Welcome to the "Watershed Capital of Nebraska"



Certify Irrigated Acres

Certification of irrigated acres changes or updates are required to be reported to the NRD by March 1st.  Paperwork mailed to those who have certified their irrigated acres is also due back to the NRD by March 1st.



Recreation Areas Open

The Lower Big Blue NRD has opened the Willard L. Meyer Recreation Area, located east of Tobias, Big Indian Recreation Area, located southwest of Wymore, Swanton Wildlife Management Area, located north of Swanton and Walnut Creek Recreation Area, located north of Crete on October 28th, 2019.  The north entrance at the Willard L. Meyer Recreation Area, east entrance at Swanton Wildlife Management Area, west archery range entrance and east entrance at Big Indian Recreation Area and the west entrance at Walnut Creek Recreation Area remain open to provide access for fishing and hunting.


Little Indian 15-A Renovation Project

This is the renovation project of a little indian flood control structure north of Beatrice.

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2019 NARD Annual Conference Awards

District Manager Dave Clabaugh and Assistant Manager Scott Sobotka were recognized for their years of service at the NARD Annual Conference.  Dave Clabaugh was recognized for 40 years of service while Scott Sobotka was recognized for 20 years of service.  Director Bob Lorenz was recognized for 25 years of service. Director Steve Kelley was recognized as the NRD Director of the Year.  Tom Pesek was recognized for being a NRD Supporter.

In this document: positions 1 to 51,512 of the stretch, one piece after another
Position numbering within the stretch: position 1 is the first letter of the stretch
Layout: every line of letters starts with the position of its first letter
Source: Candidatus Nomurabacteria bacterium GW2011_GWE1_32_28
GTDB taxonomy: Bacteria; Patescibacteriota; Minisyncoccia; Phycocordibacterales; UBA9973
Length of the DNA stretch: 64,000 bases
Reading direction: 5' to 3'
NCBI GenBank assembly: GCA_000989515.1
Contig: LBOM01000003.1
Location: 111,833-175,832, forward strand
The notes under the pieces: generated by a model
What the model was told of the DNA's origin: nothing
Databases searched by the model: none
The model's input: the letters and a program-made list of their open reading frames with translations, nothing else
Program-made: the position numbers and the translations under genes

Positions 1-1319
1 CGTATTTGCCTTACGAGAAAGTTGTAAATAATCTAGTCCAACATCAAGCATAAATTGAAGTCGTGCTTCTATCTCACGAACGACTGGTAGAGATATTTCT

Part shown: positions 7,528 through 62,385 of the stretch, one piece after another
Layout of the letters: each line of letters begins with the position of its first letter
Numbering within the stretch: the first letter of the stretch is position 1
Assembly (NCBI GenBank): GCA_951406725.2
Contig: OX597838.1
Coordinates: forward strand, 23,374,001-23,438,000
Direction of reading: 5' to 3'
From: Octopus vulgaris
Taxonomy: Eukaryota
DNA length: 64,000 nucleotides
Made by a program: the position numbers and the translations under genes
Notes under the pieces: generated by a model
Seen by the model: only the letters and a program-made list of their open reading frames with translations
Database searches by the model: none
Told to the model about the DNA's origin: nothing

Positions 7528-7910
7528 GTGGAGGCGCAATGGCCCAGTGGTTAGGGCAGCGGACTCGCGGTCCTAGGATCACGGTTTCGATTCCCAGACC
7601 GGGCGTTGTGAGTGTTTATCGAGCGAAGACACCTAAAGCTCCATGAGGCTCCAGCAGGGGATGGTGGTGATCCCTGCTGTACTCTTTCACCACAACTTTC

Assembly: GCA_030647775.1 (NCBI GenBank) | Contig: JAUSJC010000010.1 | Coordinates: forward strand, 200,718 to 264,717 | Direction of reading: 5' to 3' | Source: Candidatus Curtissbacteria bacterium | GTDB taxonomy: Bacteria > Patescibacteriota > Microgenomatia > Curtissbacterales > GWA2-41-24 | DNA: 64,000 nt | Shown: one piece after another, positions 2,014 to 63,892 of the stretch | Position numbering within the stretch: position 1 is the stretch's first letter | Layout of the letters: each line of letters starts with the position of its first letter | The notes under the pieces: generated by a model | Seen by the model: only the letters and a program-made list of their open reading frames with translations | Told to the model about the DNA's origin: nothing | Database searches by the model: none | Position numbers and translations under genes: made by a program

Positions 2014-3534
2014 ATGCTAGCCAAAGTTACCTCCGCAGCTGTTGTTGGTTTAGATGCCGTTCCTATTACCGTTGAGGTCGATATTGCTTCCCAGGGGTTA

New Picnic Shelters at Big Indian and Willard Meyer Rec. Areas

Two new picnic shelters have been completed at Big Indian and Willard L. Meyer Recreation Areas!  These are great additions to our recreation areas for people to enjoy for years to come!



NRD Dam Rehab Projects

The Lower Big Blue Natural Resources District has considered and utilized various methods and products for combating the problems that often accompany aging dams over the years.  Very often, the culprit is oxidation, particularly on structures which employ a corrugated metal pipe (CMP) for the principal spillway.  Generally, over the life of a dam, a CMP will begin to develop rust on the bottom side of the tube.  Given enough time, pin holes may develop which ultimately turn into larger holes, and invariably, voids can begin to form under the principal spillway causing undercutting and potentially failure of the dam to function properly. 

The past couple years, the NRD has been in the process of installing Snap-TiteTM High-Density Polyethylene (HDPE) pipe in many of its structures.  As the name implies, the pipe snap together around a gasket, and can be fused to a new riser once inserted into the existing tube.  Ventilation and grout pipe are installed alongside the new tube for efficiently injecting grout into the annular space which remains.  This creates a solid bond between old CMP and new HDPE, extending the life of the structure well into the future.  The HDPE is able to be of smaller diameter due to the difference in hydrology between smooth-walled pipe (the HDPE) and the CMP, or existing pipe.  The process usually takes about a week and saves quite a bit of time and money.





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